“Just to keep doing the job in the newspaper, I had to find something I could have fun with,” Gravlejs tells me. “If there is something I don’t enjoy, I try to compensate – to make something more out of it than just doing what other people expect.”

Across his body of work there’s a similar insolence in tone, whether it be the caption accompanying his early photo-montage of a female schoolmate’s head stuck on the body of a glamour model (“I attached this image on the wall next to the time table… After that, most of the girls in my class hated me”) or an annotation on one of his photoshopped newspaper photos – “I made more blue circles in the background… to have more chance to have it published on the first page, and it was there.”

It’s almost punk, and certainly his work finds more parallels in art-activist collectives like Voina (progenitor of Pussy Riot) than anything in the UK. But he resists the term activist. “I think if you do politics, you do politics and not art,” he argues. “You go and make speeches, and you go into politics and you change something. All these artists and curators who are defined ‘political art’ – it’s just decorative.” But, I suggest, disruption as a response to confinement – whether that be a school, office or state – is political. “Maybe I’m really a latent activist,” he offers.

Beyond the photojournalism job, the schoolboy-boredom-induced-middle-finger starts to waver. With the absence of confinement it becomes difficult to understand what Gravlejs is taking aim at – which direction the middle finger is facing. The work remains subversive, vicious and deeply humorous, but with no clear system in place, what is his target? “Target? Quite often I work within the local context,” he explains, “and some things are not understandable for the wider audience. It’s only universal if you use it as an example for other things. I think it’s more like showing your position, it’s more like a gesture.”

This gesture works as a highlighter and a valve. Gravlejs uses it to underline the absurdity he sees in situations, or to vent frustration. In conversation he refers to survival more than once – the idea of humour and wilfulness as the antidote to an otherwise unbearable situation. “Maybe life is absurd in a way itself, anyway,” he says. “And because I see things from this perspective, I try to make the time I spend enjoyable.”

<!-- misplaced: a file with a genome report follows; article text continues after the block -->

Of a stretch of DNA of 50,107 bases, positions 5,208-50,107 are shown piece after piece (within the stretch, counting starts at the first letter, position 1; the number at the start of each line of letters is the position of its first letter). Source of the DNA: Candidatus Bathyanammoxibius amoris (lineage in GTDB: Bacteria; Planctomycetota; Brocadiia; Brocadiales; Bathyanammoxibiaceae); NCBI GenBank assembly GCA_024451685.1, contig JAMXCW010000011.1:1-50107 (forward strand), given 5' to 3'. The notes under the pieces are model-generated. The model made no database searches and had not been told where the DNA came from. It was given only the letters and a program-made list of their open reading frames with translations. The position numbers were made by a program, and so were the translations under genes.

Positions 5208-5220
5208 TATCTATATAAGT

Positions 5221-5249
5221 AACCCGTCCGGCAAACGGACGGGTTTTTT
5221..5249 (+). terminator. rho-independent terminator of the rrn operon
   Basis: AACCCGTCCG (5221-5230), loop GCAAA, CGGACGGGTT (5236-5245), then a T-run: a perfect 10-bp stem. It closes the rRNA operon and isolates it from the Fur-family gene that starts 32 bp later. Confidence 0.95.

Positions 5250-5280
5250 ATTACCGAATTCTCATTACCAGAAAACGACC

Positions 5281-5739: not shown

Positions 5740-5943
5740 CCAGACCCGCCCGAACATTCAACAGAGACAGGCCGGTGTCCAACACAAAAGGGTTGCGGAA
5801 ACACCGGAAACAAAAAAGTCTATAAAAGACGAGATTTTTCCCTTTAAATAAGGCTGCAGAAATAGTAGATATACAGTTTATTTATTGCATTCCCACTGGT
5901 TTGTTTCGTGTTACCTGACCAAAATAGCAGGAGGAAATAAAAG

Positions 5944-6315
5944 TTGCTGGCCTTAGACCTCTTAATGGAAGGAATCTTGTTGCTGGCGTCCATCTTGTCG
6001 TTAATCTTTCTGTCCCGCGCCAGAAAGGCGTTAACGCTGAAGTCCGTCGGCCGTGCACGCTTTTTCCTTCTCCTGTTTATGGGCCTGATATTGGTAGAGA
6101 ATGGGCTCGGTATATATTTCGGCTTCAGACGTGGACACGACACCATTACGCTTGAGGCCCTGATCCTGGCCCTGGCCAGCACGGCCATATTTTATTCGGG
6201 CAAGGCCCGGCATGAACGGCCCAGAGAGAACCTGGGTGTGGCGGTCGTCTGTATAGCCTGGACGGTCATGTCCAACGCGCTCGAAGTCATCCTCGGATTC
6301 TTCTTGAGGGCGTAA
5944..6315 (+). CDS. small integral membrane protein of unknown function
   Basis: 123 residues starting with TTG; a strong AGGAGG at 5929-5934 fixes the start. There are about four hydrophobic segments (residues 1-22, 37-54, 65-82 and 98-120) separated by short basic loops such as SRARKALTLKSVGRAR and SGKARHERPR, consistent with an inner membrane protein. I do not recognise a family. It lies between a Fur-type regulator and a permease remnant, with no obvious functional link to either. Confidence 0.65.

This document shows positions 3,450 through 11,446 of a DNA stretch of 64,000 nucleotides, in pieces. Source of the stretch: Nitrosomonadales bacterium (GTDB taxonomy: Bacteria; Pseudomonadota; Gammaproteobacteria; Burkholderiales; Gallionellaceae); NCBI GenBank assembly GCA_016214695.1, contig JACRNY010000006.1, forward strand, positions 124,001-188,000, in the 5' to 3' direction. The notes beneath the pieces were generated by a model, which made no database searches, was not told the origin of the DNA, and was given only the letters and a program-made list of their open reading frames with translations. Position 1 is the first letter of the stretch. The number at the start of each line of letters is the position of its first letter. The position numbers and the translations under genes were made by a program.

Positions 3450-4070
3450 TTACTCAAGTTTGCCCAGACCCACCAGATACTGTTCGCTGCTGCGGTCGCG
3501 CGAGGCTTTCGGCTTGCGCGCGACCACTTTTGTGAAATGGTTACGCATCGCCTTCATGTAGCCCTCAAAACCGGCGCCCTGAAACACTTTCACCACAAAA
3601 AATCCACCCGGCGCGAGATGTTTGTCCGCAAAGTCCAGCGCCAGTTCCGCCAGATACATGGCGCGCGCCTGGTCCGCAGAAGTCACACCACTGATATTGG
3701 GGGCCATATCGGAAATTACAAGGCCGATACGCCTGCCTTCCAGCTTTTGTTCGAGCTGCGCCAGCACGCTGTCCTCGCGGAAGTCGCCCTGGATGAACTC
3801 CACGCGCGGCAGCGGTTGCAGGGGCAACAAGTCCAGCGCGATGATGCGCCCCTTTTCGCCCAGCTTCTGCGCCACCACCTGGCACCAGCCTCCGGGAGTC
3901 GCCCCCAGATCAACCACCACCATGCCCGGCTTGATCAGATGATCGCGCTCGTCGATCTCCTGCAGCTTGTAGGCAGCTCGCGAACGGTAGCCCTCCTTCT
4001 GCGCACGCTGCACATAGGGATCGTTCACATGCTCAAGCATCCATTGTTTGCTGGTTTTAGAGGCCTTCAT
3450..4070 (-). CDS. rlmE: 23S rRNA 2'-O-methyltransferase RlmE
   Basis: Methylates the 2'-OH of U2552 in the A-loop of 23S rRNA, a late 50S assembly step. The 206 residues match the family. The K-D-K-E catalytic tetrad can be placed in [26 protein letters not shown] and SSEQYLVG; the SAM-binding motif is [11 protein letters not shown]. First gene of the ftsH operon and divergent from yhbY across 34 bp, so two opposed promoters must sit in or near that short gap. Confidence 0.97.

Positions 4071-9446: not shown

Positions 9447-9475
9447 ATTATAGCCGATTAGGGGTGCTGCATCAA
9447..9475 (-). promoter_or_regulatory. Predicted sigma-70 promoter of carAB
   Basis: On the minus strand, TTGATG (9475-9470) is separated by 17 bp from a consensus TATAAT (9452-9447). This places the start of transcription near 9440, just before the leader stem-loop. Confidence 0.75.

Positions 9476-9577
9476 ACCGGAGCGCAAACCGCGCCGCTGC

It’s a pretty bleak view, but real humour is as close to pathos as it is to comedy. With his creative roots in acting out, a practice founded in kicking against boredom through puerile insults and pranks, it follows that as a clear hierarchy to reject dematerialises, ennui steps right in to take its place.

“Maybe life is absurd itself – I try to make the time I spend enjoyable”

In There Will be Dicks, by Michal Novotný, a text on the artist’s website, the writer says, “Whether 11-year-old Ivars Gravlejs only documents the brutality of every day life… or he reacts with a direct creative act, his position is always one of subversion – the attempt to gain at least a little temporary freedom and space in a situation with no escape.”

At each subsequent stage, life’s arbiter of boredom – and the object of Ivars Gravlejs’ “latent activism” – becomes more abstract. From school, with teachers and classmates, to work, with bosses and colleague, to life as an artist, with audiences, curators and institutions, Gravlejs responds with the same humour and vulgar energy.

This “attempt to gain at least a little temporary freedom and space” expresses both an aspirational optimism, and a huge bummer of a truth. The whole thing is out of our control and actually, puerile as it is, Gravlejs’ “way to survive” might be the best.

Early Works by Ivars Gravlejs is published by MACK Books